7 CHAPTER I: Indirect costs declared on a flat rate basis The guidance provided in this chapter (except point 1.6) was discussed and agreed by the ESF Technical Working Group and the European Court of Auditors in July This guidance is also applicable to ERDF operations. The amendments introduced in the ESF and the ERDF Regulations do not change the implementation of this rule. Preliminary remarks: Experience from previous programming periods showed that the justification of indirect costs constituted a high source of risk for beneficiaries, and frequently a disproportionate administrative cost for ESF operations, particularly small projects. Therefore the Commission proposed to simplify the administrative and financial file pertaining to grant-assisted ESF operations in relation to the treatment of indirect costs. In adopting the regulation, the Council welcomed the simplification and agreed on an option - not an obligation - for this provision. This simplification benefits both the beneficiary and the administration (management and audit). I.1. Purpose of this note In order to facilitate the implementation of the provisions of article 11.3(b) of the ESF Regulation [and Article 7(4) of the ERDF Regulation] and to avoid legal uncertainty and financial risk for beneficiaries, the practicalities of implementing this option are addressed below. In the following text [an ERDF or] an ESF operation means an operation selected for funding, the costs of which are included in an operational programme co-funded by [the European Regional Development Fund or] the European Social Fund. I.2. General principles governing national eligibility rules For the programming period , eligibility rules are determined at national level: (Article 56 of Regulation (EC) N 1083/2006): 4. The rules on the eligibility of expenditure shall be laid down at national level subject to the exceptions provided for in the specific Regulations for each Fund. They shall cover the entirety of the expenditure declared under the operational programme. Moreover "the managing authority shall be responsible for managing and implementing the operational programme in accordance with the principle of sound financial management" (Article 60 of Regulation (EC) N 1083/2006). Therefore, at the start of the programming period, managing authorities should determine and document the rules of eligibility for ESF [and ERDF] operations, make these rules available to potential beneficiaries, and indicate all relevant rules in granting decisions. As part of these rules, the framework for applying [Article 7(4) of Regulation (EC) N 1080/2006 or] Article 11.3(b) of Regulation (EC) N 1081/2006 should also be set out. 7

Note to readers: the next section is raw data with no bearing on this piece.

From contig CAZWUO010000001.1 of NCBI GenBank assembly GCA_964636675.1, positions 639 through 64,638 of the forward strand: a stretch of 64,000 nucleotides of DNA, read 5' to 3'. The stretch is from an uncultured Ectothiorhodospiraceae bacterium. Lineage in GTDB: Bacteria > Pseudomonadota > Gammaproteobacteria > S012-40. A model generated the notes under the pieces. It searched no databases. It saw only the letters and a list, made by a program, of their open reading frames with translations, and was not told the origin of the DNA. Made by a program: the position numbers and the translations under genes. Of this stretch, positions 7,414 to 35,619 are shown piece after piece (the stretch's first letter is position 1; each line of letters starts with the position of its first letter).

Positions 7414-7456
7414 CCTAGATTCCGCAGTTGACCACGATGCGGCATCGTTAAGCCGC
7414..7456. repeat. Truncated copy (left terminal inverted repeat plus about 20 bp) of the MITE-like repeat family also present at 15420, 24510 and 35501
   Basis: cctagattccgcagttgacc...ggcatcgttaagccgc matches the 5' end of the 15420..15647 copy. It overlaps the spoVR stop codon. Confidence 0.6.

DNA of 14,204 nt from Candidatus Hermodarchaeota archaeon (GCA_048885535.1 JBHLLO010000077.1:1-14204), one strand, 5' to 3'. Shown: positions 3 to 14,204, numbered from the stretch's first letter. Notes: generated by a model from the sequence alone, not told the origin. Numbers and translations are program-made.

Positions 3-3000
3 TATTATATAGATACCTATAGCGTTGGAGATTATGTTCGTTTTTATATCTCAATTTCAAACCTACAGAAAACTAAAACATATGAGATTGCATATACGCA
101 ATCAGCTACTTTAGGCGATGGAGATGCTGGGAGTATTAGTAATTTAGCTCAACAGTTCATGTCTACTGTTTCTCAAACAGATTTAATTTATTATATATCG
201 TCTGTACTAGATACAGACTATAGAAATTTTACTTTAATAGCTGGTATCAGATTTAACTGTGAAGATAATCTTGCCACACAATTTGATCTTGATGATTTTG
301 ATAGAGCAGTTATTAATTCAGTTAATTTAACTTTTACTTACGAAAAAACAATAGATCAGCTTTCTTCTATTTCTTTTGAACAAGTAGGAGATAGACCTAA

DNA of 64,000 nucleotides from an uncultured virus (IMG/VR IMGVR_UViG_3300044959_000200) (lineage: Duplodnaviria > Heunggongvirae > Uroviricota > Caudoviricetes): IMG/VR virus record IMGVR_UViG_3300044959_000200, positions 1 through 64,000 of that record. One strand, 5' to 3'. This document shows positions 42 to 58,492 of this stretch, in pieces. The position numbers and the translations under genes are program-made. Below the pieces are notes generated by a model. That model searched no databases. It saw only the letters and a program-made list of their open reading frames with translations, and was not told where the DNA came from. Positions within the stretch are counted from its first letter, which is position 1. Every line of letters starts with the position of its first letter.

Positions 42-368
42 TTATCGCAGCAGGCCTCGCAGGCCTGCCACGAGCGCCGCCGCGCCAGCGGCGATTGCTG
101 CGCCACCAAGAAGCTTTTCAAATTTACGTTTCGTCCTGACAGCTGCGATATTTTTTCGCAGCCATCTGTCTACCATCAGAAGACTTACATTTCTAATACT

8 In the case of grants, the options provided for in the regulation include: the declaration of indirect costs on the basis of real costs (i.e. no flat rate, with full justification of expenditure); the declaration of indirect costs at flat rate (i.e. without justification), at a rate to be set by national rules but inferior or equal to 20% of direct costs. The managing authority should clearly state which rate it applies, in which circumstance the rate may be 20% of direct costs and in which circumstances the rate is less than 20% of direct costs and whether the rate varies according to the type of [ERDF or ]ESF operations, beneficiaries, size of entities or types of grants concerned, etc. I.3. Definition of direct and indirect costs: In the absence of a European accounting definition of direct or indirect costs, managing authorities or their intermediate bodies should identify clearly what constitutes direct and indirect costs for each type of [ERDF or] ESF operation concerned. a) Direct costs are those costs which are directly related to an individual activity of the entity, where the link with this individual activity can be demonstrated. b) Indirect costs, on the other hand, are costs which are not or cannot be connected directly to an individual activity of the entity in question. Such costs would include administrative expenses, for which it is difficult to determine precisely the amount attributable to a specific activity (administrative/staff expenditure, such as: management costs, recruitment expenses, costs for the accountant or the cleaner etc.; telephone, water or electricity expenses, and so on.). Both direct costs, fully demonstrated by supporting documents, and indirect costs at flat rate are regarded as real costs, in line with Article 11 of Regulation (EC) 1081/2006. I.4. Scope of the article: The option of declaring indirect costs on a flat-rate basis concerns only operations managed in the framework of grants, where declared expenditure is normally justified by paid invoices and other accounting documents of equivalent probative value. The rule under Article [7(4) of ERDF] or 11.3(b) of ESF Regulations means that once direct costs have been clearly defined in the granting decision and properly justified by the beneficiaries by means of supporting paid invoices, beneficiaries can apply the agreed flat rate to declare and justify indirect costs linked to this ESF [or ERDF] operation, without any further justification. Within the same operation, only one of the options can be selected: either the indirect costs are declared on the basis of real expenditure (and justified with all the supporting documents, up to the amount declared 12 ), or they are declared on a flat-rate basis (with no supporting documents / no justification needed), within the ceilings fixed by the granting decision. 12 It should be noted that in certain Member States, under the 2000/2006 period, a maximum ceiling has been set for indirect costs justified on the basis of real costs, in relation to other well-defined cost categories. 8